The twice a year visit of the City of Melbourne officials to a pool owner’s facility will involve a check on the microbiological quality of the water in the pool.  The checks are as follows:

  1. There should not be over 100 colony forming units per mL (cfu/mL) when a Total Bacterial count is conducted.  This means that the standard allows some microorganisms to be found in the pool water, consistent with the definition of disinfection.  This, with reference to the two items that follow regarding coliform and Pseudomonas aeruginosa.
  2. There should be no coliform bacteria found in 100 mL of pool water sample.
  3. There should be no Pseudomonas aeruginosa found in 100 of pool water sample.

The City of Melbourne recommends that pool operators and owners take a proactive approach in adhering to the standards.  To maintain and monitor microbiological growth in the pool, the pool operator or owner must establish their own testing procedures.  Although the operators can set up a facility within their premises to test for these microorganisms, only lab results coming from a third party lab is honored by the City of Melbourne when it comes to lab test results.

Should a sample fail the test results conducted by a third party laboratory, the following procedures are recommended by the City of Melbourne as a remedial course of action:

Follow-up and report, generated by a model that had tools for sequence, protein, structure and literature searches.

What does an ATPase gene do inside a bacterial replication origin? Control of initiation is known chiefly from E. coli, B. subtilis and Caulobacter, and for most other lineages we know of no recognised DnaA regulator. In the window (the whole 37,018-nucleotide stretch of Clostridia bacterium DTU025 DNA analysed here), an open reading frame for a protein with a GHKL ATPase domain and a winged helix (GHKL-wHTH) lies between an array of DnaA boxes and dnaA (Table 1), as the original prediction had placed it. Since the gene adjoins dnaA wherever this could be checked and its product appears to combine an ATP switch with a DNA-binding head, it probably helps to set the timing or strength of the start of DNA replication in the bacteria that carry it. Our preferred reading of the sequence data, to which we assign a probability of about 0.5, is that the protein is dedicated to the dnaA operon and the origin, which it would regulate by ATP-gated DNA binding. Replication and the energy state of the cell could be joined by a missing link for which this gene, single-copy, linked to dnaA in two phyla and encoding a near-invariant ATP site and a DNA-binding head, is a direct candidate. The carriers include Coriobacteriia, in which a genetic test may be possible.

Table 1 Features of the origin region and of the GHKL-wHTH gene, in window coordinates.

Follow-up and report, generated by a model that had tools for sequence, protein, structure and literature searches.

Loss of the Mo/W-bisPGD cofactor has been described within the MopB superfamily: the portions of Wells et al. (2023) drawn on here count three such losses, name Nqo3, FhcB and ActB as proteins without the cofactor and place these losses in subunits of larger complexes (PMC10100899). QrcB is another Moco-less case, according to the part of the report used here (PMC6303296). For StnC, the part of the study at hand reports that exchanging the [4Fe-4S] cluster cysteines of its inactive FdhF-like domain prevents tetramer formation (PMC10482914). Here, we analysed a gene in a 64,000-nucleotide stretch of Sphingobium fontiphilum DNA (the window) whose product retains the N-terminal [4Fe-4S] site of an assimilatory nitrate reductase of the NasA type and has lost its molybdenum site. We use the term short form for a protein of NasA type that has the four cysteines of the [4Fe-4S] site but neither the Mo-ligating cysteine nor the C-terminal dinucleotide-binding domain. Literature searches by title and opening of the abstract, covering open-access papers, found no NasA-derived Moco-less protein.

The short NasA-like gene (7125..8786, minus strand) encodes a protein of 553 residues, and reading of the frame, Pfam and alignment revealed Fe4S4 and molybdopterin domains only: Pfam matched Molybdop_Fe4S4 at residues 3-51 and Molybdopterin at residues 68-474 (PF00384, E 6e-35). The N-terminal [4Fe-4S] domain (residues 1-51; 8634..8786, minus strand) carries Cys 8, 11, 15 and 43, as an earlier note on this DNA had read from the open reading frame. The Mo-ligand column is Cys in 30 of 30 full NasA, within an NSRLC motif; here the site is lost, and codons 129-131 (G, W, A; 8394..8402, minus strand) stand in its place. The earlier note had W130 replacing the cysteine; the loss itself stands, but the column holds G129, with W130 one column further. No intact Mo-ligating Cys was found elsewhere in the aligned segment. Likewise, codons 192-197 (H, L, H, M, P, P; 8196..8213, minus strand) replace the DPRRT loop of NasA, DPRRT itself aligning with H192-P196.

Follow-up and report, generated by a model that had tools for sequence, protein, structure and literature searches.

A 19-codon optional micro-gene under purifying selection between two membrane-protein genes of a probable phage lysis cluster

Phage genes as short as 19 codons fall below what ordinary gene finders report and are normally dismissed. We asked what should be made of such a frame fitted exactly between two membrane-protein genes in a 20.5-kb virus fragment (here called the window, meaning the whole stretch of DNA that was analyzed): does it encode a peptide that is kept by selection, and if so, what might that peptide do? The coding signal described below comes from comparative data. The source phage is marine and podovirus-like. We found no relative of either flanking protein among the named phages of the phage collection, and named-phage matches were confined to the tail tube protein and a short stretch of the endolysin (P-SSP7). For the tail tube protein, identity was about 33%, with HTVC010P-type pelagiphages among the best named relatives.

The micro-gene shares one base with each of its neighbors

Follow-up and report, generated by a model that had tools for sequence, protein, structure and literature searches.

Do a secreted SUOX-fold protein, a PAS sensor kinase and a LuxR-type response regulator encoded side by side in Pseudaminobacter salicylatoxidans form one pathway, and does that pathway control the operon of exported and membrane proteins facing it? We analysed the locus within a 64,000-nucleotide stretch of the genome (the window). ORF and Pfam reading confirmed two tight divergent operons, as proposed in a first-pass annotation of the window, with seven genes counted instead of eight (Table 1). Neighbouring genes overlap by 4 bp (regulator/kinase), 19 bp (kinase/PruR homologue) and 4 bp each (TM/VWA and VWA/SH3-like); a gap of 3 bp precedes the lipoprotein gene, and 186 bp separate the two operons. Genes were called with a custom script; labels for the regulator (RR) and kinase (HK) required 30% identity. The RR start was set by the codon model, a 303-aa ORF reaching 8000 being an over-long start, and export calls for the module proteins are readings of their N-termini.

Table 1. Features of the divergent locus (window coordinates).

• With chlorination or bromination as a widely accepted methodology and the preferred method adapted by the city, a slug or shock dosing of the choice chlorine or bromine chemical agent must be added to the pool to kill off the excess unwanted microorganisms.
  • The pool water treatment and the pool water maintenance program is automatically reviewed for weak spots or inefficiencies.
  • Faults or weaknesses in the program or chemicals used should be rectified.
  • A sample should be taken again and sent to the lab for testing.
  • Should the submitted sample the pass the microbiological screening, the pool is allowed to be used and the problem is deemed rectified.

Pool owners and operators should take note that until the problem is rectified, bathers are not allowed to use the pool.  Steps 1 to 4 is repeated until the problem is rectified.  It is essential that you work closely with your chosen third party laboratory to ensure a timely turnaround time for your lab results.

Chlorine or Bromine? Helping You Determine the Best Swimming Pool Disinfection Options

Swimming pool disinfection often leaves pool owners with the choice between chlorine or bromine. To make the choice easier, here’s a comparison that states their main differences, including their pros and cons.